Leila Petit


Thanks to Olivier Madelrieux for the time he gave for the interview that made this article possible.

Created in 1974 by the Psychiatrist John Kabat-Zinn, mindfulness meditation has become more accessible today. Over the past ten years, it has been getting more and more attention in the media, thanks in part to the involvement of Christophe André (Psychiatrist and Psychotherapist) who went so far as to introduce this type of meditation to the hospital. Validated by science, it’s a very good practice for achieving emotional balance.

What can it bring? Can we use it to support our children better? To answer these questions, we called on Olivier Madelrieux. He finished his studies in Pharmacy about thirty years ago and this neurochemistry (brain chemistry) specialist was later trained in the techniques of Mindfulness, obtaining the Lille University Diploma in Stress and Anxiety, created by Doctor Dominique Servant, doctor-psychiatrist.


His pharmacy studies had taught him the power of neurotransmitters, which have a real impact on the emotional state. According to him, “brain chemistry” can be modified in several ways: through diet, the absorption of drugs or natural products (phytotherapy, aromatherapy) or by breathing and meditation techniques, which also influence the mind and emotions.


What is mindfulness meditation?

Everyone can practise it, even children. Getting started is simply a matter of settling down with your eyes closed and observing what is happening in you: your breathing, your body sensations, your thoughts, your emotions, in the present moment. Afterwards come techniques that are more and more profound, but the basics are very simple.


In the program developed by Olivier Madelrieux, 5 techniques are used to learn the art of attention:

  • Breathing, which is the basis of everything. We become conscious of the air that enters through the nostrils and exits through the mouth, simply by being aware of things,
  • Body scanning, in which you work on the body and sensations,
  • Meditation, to increase awareness of both emotions and thoughts,
  • Yoga exercises mindfulness: to give attention to movement,
  • Walking meditation.


Mindfulness is being in the present moment; very often, although the body is in the present, the mind is all too often turned towards the past (our regrets) or towards the future (our worries, our projects). Life is happening here and now! People who meditate regularly are better able to enjoy all the little pleasures of their day.

It is important to emphasize that mindfulness meditation is a method allowing you to achieve a state of consciousness where you can be an observer of your inner state, from morning to evening. To get results takes time and requires training and regularity, to really make it a way of life and to be aware of it in all your daily actions.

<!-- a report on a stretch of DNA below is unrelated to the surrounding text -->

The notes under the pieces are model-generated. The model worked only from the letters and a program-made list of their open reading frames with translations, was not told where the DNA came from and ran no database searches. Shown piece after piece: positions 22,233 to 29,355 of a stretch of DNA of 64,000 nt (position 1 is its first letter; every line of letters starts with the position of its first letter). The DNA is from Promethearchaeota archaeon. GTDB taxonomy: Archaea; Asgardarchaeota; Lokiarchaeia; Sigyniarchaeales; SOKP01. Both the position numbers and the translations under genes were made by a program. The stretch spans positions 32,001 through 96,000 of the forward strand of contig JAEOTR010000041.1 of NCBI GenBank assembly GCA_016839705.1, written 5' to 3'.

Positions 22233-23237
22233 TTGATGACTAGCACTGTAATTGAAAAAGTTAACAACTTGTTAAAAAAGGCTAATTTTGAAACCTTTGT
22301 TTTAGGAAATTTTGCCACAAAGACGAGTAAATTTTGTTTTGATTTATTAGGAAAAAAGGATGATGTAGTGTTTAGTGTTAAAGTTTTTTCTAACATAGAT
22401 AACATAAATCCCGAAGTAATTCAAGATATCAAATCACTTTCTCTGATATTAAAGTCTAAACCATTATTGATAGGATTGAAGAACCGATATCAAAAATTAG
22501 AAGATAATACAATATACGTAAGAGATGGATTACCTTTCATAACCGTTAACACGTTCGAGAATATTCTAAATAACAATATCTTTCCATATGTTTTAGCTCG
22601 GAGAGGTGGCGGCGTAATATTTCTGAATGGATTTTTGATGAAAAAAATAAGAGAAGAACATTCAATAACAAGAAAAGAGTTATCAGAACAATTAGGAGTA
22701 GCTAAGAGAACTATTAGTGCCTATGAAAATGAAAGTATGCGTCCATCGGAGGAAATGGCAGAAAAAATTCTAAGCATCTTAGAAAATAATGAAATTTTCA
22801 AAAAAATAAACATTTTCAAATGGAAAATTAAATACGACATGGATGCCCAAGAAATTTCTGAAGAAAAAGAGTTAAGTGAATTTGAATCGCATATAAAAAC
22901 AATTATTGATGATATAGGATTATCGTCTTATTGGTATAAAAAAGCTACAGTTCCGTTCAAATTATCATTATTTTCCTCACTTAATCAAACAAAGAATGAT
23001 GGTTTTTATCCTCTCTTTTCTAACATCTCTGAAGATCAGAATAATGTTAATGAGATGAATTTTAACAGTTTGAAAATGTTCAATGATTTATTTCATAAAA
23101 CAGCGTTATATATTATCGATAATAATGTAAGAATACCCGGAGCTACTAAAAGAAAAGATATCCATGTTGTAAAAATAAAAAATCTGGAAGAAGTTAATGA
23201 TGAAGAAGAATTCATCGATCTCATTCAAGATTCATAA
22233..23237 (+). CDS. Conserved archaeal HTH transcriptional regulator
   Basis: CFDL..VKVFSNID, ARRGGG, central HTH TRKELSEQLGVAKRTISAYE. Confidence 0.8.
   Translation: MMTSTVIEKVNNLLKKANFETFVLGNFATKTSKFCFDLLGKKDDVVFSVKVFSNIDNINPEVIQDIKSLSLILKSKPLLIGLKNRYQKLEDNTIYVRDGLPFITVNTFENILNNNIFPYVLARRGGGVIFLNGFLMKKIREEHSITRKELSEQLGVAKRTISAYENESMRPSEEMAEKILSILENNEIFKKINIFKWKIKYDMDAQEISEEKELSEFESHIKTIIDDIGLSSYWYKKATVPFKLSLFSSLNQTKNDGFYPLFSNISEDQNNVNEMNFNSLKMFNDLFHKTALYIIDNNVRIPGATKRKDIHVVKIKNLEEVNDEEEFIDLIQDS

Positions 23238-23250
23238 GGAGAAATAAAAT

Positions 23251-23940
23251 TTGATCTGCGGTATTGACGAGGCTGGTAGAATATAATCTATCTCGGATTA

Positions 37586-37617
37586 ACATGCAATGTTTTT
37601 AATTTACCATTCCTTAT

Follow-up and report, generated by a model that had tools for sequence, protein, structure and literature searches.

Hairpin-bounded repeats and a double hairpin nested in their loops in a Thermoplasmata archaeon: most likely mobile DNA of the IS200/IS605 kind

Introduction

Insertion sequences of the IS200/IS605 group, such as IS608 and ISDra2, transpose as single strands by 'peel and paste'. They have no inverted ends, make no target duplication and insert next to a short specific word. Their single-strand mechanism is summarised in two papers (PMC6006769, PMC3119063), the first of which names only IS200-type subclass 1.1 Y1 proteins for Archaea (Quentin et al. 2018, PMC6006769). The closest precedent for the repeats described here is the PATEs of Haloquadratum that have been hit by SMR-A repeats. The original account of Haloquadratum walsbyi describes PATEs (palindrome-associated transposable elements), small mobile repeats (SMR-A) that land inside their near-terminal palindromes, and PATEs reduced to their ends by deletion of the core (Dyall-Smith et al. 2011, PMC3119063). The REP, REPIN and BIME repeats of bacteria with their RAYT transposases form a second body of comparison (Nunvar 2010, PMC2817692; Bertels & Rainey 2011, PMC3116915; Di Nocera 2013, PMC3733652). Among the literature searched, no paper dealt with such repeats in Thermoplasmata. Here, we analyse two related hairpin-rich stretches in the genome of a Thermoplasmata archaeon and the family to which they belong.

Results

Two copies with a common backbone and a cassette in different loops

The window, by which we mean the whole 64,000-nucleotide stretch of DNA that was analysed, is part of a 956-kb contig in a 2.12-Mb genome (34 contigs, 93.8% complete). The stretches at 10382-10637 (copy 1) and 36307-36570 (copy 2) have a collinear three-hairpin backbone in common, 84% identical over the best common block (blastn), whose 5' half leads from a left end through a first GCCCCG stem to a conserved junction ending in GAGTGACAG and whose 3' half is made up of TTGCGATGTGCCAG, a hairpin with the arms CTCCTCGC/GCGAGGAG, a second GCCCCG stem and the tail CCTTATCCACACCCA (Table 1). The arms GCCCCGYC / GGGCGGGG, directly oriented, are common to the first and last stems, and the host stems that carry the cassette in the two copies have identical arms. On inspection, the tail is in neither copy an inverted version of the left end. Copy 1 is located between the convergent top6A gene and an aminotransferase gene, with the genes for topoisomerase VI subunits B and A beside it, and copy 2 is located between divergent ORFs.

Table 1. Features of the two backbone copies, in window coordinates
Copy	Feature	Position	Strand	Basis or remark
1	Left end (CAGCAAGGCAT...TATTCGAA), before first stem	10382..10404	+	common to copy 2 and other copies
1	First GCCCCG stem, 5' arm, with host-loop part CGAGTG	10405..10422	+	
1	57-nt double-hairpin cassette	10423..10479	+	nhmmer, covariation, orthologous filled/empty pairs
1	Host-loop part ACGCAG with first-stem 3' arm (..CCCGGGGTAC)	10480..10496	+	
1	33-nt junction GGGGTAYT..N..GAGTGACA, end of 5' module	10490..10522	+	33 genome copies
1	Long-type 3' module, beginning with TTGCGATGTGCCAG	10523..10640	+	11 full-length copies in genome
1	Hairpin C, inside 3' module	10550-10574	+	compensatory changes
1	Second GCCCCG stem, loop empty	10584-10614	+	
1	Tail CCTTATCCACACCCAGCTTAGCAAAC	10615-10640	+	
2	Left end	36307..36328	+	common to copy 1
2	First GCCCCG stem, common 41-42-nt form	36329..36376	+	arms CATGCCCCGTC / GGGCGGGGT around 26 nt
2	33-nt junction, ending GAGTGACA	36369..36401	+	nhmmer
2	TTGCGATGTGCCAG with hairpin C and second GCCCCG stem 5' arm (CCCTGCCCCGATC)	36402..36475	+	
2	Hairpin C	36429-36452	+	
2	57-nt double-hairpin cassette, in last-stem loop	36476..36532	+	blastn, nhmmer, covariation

The main benefit will be a gradual reduction in the number of polluting parasitic thoughts: 60,000 conscious or unconscious thoughts pass through our brain every day!


What are the benefits of mindfulness meditation in children?


We see many positive effects:

  • attention and concentration are developed,
  • they get to sleep more easily and have better quality sleep,
  • they handle stress and emotions better.

As we have seen, developing mindfulness meditation is a long learning curve. So it can be a good thing to start raising awareness early, around 12 months of age. For example, when babies are this age, we can ring a bell, getting them to be attentive to the sound until it stops; we can also use massage or yoga postures adapted to help them become more aware of their body. As the child grows up, we can deepen the practice and work on those parasitic thoughts, to teach the child to meditate.


Olivier Madelrieux reminds us that in children, the visual cortex in the occipital area of the brain (located at the back of the skull) is not fully developed until the age of 10. The child is therefore not in the same consciousness state as the adult, but is more in his imagination, and the child’s attention is more difficult to maintain. So we don’t ask the child to do exercises that require concentrating for too long.


Practical exercises and guided meditation to be used on a daily basis


In addition to the little sound exercise mentioned above, you can also have the child concentrate on a point / toy / light for about 2 minutes, excluding everything around it, morning and evening.

An older child can be asked to follow while you read a book, making sure they put their finger under each word as it’s read. This will help the child focus his attention on the book and eliminate parasitic thoughts.

In addition, there are some guided meditation practices to help toddlers learn this exercise.

The most famous guide is probably the CD book “Calme et attentif comme une grenouille” by Eline Snel (Les arènes, from 5 years old), from which the meditation “Dors bien” below is taken:

Meditation for children associated with the benefit of plants


As Olivier Madelrieux pointed out earlier, plants can have a beneficial influence on “brain chemistry”. This is where CALMOSINE Sommeil Bio comes in, associated meditation in children who have difficulty calming down before falling asleep or in children who have very restless nights.

For more information http://www.mbsr-bordeaux.fr/